The Sorrow – 1882



The Sorrow (1882)
Vincent was 29 years old
Pencil, pen and ink on paper
44.5cm x 27cm (17.5in x 10.6in)
Currently at The New Art Gallery Walsall, England
Vincent, after having been devastated by Kee-vos Stricker; his cousin and a recently widowed mother of a child at the time of his proposal, he soon found a prostitute which he fell in love and sympathetic. Sien (the prostitute) at beginning seem to settle with life together with Vincent, but only to find herself return to her former business and heavy drinking. He drew this image of her titled the “Sorrow” without revealing the face (which makes it relatable), with lifeless bosom, swollen belly and uncared hair to describe the devastation of those left neglected in life, by her men. At one point he wanted to plan the future together with her until his Reverend father and dear brother Theo convinced him of his choice
Here’s how Vincent coped with his choice: “Which is the more cultured, more sensitive, and manlier: to desert a woman or concern oneself with one who has been deserted? Last winter I met a pregnant woman, deserted by the man whose child she was carrying. A pregnant woman who walked the streets in winter – she had her bread to ear, you’ll know how.” (May, 3rd – 12th, 1882)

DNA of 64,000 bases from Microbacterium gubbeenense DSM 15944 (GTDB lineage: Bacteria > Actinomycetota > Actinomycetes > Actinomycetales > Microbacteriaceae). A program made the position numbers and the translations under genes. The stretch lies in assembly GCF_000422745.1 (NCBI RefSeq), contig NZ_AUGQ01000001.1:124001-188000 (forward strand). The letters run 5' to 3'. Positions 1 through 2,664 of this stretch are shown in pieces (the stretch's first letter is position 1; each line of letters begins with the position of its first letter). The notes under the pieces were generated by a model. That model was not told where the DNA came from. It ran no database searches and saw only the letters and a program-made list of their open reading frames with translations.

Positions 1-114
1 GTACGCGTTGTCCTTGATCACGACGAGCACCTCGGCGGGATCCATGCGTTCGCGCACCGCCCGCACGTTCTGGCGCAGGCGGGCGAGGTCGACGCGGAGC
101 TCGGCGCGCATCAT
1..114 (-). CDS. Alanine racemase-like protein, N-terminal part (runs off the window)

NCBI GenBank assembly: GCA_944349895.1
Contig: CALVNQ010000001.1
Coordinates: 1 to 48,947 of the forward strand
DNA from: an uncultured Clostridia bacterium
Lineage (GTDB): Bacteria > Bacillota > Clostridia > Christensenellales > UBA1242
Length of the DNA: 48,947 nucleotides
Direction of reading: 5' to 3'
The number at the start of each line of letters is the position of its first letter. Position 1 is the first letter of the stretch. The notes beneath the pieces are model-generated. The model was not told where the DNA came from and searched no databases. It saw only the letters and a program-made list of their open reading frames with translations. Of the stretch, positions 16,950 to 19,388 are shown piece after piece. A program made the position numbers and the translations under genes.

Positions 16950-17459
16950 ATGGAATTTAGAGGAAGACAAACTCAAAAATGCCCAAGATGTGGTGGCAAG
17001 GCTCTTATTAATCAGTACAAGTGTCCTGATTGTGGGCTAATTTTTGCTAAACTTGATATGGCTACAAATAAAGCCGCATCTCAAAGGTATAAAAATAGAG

“When first I met this woman, she caught my eye because she looked ill. I made her take baths and as many restoratives as I could manage, and she has become healthier. I went with her to Leyden, wehre there is a maternity hospital in which she will be confined. Small wonder she wasn’t well, the child was in the wrong position, that is , the child had to be turned around b forceps. But there is a good chance she will pull through.”
Some speculations developed whether the child in pregnancy was of Vincent’s blood but it’s clear that prior to their first encounter on the street, she was already pregnant from her past
Bottom Inscription:

“Comment se fait-il qu’il y ait sur la terre une femme seule, délaissée?”

“How can there be on earth a woman alone, abandoned?”



10 thoughts on “The Sorrow – 1882

  1. He was incredibly compassionate. Of course, he was also marginalized and therefore able to understand others. Not many people, though, would actually have taken the time to help her. This is another facet of him that I wasn’t aware of, so thanks for posting!

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  3. Pingback: The Hague – 1883, February – GLOGH

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